During the general debate under item 6 held on June 9, most States and NGOs took the floor to share the progress made (or not) by their country on implementing recommendations. Switzerland submitted a mid-term report while Azerbaijan, China, Colombia, Spain, the Asian Forum for Human Rights and Development and the Colombian Commission of Jurist provided oral updates.
During these three day adoptions, Canada organised the first side event on the follow-up. Delegations reviewed during the fourth session of the UPR were invited to present their progress made in implementing the recommendations received in February 2009. Delegates from Mauritius, Mexico, Senegal, Canada and Jordan took part in the event but only one national NGO (from Canada) was present. We hope that other States will follow this initiative in the future and that numerous NGOs will participate.
Last February, the Bahá’í International Community published the first ever NGO follow-up report on the implementation of recommendations. Their very detailed analysis of the implementation by the Government of Iran of eight recommendations pertaining to the Bahá’í Community is a model for NGO reporting.
On June 17, the HRC adopted decision A/HRC/17/L.29 on the "Follow up to the Human Rights Council Resolution 16/21 with regard to the Universal Periodic Review". The adoption on 25 March by the HRC of resolution A/HRC/RES/16/21 on the 2011 HRC Review had left several issues pending in relation to the second cycle of the UPR which were then discussed in three informal consultations in May and June. We now know the exact modalities for the second cycle of the UPR:
- The second and subsequent cycles will last 4.5 years.
- There will be 14 sessions per cycle.
- Only 14 States will be reviewed per session.
- Each review will last 3.5 hours. The State under Review will be given 70 minutes and other States 140 minutes.
- The order of review will be exactly the same. As there will be only by 14 States reviewed per session, the two last States of session 1, Czech Republic and Argentina, will be moved to the beginning of session 2, the last four of session 2, France, Tonga, Romania and Mali, will be moved to the beginning of session 3, etc.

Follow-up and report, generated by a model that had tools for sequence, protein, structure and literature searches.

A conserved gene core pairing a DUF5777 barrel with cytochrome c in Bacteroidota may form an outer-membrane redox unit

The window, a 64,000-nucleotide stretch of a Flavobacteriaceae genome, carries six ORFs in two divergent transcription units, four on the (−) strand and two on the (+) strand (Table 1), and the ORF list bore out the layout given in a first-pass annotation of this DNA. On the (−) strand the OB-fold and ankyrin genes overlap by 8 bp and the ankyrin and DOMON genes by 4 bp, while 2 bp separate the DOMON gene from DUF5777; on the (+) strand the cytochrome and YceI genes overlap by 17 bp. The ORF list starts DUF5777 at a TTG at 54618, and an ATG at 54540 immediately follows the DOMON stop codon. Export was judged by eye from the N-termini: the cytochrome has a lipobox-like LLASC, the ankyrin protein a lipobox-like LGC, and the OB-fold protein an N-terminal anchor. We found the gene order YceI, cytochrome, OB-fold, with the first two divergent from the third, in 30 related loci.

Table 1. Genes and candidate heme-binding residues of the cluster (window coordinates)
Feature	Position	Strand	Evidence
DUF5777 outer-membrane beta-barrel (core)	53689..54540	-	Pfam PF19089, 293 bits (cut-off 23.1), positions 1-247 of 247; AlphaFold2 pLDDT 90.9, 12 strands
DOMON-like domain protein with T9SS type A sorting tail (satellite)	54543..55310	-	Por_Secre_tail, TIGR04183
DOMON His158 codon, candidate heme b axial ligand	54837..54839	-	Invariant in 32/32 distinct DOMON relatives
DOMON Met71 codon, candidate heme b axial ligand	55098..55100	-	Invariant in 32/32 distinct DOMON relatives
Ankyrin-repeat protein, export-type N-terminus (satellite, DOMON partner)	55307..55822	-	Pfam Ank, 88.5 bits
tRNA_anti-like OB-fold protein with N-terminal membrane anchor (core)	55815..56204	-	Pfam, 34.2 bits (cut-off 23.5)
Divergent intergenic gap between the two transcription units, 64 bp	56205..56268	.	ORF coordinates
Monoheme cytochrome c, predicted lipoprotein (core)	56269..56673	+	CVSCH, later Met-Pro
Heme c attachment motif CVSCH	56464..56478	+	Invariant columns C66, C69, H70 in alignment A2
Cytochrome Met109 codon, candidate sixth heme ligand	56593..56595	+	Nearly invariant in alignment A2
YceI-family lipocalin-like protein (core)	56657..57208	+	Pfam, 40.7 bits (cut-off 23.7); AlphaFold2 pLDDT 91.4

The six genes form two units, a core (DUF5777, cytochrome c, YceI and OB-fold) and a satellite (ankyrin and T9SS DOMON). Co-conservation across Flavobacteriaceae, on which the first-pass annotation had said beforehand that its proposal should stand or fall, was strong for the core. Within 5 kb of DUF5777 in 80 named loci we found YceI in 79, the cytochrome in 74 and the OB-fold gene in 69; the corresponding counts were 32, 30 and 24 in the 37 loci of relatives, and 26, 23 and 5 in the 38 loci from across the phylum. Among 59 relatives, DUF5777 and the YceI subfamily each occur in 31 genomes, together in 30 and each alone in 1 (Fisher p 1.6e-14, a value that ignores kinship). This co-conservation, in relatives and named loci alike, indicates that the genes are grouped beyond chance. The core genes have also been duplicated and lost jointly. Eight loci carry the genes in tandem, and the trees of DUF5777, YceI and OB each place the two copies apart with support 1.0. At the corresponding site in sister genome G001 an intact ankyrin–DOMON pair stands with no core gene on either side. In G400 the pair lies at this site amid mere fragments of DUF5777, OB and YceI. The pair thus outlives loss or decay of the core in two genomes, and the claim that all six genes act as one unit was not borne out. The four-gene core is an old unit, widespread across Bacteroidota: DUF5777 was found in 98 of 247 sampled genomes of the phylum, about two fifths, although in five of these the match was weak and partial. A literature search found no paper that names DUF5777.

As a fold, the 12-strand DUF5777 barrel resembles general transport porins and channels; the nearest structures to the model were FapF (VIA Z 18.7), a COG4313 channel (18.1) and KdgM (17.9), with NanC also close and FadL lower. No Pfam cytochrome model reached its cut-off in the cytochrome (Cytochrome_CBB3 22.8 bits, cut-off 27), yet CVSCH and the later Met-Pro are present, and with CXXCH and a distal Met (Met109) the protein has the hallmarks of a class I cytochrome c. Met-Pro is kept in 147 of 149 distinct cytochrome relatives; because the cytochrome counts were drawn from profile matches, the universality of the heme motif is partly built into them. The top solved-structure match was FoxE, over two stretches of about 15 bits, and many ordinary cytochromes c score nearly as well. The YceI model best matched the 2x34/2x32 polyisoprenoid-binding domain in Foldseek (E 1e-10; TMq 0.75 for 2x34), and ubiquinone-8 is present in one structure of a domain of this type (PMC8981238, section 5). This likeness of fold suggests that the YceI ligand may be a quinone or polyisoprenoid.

- The first session of the second cycle will be held in June 2012. Session 2 will be held in October. There will be only two sessions in 2012. As of 2013, sessions will be held in January, May and October.
- The second and subsequent cycles of the review should focus on, inter alia, the implementation of the accepted recommendations and the developments of the human rights situation in the State under review.
- The list of speakers will open on the Monday of the week preceding the beginning of the Working Group session. For each review, States will be arranged in English alphabetical order and the beginning of the list will be drawn by lot. States will be able to swap place. All States will be given the floor. If needed be, time per speaker will be reduced to two minutes each and the 140 minutes will be divided by the number of speakers.
- The General Guidelines (HRC Decision 6/102) for the drafting of the three reports that form the basis of the review were slightly modified to give greater emphasis on the need for States to report on the implementation of recommendations.
On June 20, the HRC selected the troika members for the twelfth session of the UPR to be held from 3 to 14 October.
At UPR Info, we produced summaries of each informal consultation and prepared a document explaining all the new modalities for the second UPR cycle.
We also have started our follow-up project. We have already written to several States reviewed in 2008 as well as to the NGOs which had submitted information to the Office of the High Commissioner and to National human rights institutions. Depending on the State under Review and the number of recommendations received, the workload of this project is very heavy for all actors. However, we believe this mid-term picture is of great value to the process: States under Review have the possibility to easily communicate their progress made; the civil society is able to share its perspective from the field. We therefore strongly hope at UPR Info that thanks to this project and the participation of all UPR actors, the mechanism will be strengthened!